The Bates Formula for Predicting Super High Assessed Values in Any Town
David Bates / February 2, 2012-12:22 pm
In a continuous effort to peel back the underpinnings of real estate value, I wondered if I could predict which homes in a town would be assessed by the governing authority to have the highest values in that town. I contacted the assessors of a number of towns and was impressed by their professionalism and knowledge. After speaking with them, I came to what may be considered a common sense approach to establishing the highest assessment values, which is that in the eyes of the governing authority, homes in the best locations with the largest amount of living space on the biggest lots in the very best condition are worth the most. How does the “Bates Formula for Predicting Super High Assessments” play out? Let’s take a look at the six highest-assessed homes in my home city of Newton to get a feel for its validity.
Best Locations (“BL”): Each year, Chestnut Hill and West Newton Hill fight it out to be the neighborhood with the highest median sales price in Newton. All six of the city’s highest-assessed homes were located in these two neighborhoods.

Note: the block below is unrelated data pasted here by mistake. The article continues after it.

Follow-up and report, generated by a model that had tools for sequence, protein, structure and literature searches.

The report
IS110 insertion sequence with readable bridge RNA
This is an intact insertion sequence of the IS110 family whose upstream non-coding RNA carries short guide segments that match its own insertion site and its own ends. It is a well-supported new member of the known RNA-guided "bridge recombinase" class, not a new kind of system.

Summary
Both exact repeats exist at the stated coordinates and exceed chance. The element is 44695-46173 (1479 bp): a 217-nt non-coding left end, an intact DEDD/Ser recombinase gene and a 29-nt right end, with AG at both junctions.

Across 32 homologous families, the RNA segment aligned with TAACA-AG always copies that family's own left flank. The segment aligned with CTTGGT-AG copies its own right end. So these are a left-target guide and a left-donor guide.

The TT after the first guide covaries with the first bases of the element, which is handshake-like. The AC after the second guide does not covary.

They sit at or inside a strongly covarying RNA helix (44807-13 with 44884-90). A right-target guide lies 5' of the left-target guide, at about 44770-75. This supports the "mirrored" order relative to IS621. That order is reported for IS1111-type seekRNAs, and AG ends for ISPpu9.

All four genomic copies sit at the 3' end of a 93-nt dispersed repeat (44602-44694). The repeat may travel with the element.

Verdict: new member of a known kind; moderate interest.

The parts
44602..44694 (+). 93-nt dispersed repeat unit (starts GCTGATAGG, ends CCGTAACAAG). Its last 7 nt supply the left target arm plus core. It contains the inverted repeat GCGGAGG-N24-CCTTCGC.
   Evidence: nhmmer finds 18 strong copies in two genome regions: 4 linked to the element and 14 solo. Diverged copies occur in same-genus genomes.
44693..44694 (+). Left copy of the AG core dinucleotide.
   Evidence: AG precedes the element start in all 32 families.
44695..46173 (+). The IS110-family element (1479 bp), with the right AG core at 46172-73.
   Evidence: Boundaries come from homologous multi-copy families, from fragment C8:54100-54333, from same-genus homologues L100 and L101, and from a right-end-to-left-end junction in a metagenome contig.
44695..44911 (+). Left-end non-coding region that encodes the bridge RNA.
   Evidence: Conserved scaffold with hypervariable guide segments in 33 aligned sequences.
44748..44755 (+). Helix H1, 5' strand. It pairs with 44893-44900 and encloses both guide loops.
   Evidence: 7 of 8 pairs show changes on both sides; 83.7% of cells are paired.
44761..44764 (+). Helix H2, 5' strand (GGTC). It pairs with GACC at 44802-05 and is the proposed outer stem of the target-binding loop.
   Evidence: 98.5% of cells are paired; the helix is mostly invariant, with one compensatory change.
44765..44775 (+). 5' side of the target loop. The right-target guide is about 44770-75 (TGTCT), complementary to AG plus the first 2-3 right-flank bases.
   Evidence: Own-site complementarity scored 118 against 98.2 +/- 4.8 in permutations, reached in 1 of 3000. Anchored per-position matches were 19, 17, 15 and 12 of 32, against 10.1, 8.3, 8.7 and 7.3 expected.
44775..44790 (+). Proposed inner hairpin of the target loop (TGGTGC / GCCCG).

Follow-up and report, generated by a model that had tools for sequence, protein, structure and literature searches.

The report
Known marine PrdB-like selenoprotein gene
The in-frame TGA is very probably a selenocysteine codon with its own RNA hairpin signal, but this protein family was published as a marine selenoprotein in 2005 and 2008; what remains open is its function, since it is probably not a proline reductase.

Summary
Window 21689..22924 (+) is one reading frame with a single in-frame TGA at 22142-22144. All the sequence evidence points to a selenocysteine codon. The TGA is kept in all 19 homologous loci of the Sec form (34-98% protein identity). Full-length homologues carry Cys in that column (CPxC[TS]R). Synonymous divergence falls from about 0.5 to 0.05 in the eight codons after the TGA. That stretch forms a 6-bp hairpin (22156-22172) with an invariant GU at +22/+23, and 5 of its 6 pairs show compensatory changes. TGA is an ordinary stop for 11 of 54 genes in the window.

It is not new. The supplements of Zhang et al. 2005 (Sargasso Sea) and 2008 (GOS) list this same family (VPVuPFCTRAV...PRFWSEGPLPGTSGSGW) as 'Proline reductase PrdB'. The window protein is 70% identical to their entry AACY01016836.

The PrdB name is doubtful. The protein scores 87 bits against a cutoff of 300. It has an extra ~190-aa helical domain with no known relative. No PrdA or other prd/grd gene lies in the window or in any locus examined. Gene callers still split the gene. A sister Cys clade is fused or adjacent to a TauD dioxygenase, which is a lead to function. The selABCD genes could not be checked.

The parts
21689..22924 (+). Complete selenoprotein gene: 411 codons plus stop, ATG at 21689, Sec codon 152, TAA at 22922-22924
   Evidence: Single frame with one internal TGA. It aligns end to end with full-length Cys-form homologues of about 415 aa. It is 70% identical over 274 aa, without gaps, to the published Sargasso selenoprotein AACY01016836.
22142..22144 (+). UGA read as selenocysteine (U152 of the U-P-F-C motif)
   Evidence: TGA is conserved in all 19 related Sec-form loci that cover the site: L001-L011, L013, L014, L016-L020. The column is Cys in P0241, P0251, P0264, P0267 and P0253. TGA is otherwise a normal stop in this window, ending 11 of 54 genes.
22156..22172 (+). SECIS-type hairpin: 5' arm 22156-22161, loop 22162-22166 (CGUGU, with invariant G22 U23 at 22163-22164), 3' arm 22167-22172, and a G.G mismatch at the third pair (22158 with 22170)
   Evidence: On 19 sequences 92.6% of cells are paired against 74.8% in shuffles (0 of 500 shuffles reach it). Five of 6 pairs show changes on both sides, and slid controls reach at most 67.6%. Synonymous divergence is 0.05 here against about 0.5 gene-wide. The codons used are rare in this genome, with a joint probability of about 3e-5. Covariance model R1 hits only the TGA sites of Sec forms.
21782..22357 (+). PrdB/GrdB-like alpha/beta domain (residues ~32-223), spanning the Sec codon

Largest Lots (“LL”): An MLS public record search found only 33 homes in Newton situated on lots in excess of 1.87 acres in size. All six of the highest-assessed homes in Newton have lots in excess of 1.87 acres.
Biggest Homes (“BH”): In a list of more than 16,000 Newton single families, I found only six that had more than 10,000 square feet of living space. Three of the highest-assessed homes had at least 10,000 square feet of living space and the other three had between 9,000 and 10,000 square feet.
Best Condition (“BC”): All six of the highest-assessed homes in Newton had significant renovations and additions. On more than one occasion, buyers purchased very valuable homes in very good condition only to knock those homes down and build even larger homes in incredible condition.
Simply put, The Bates Formula for Super High Assessments (BL + LL + BH + BC = Highest Assessed Value) might not be the E=MC2 of real estate values, but it’s a perspective we can take from Newton to predict the highest-assessed homes in a number of other Massachusetts communities.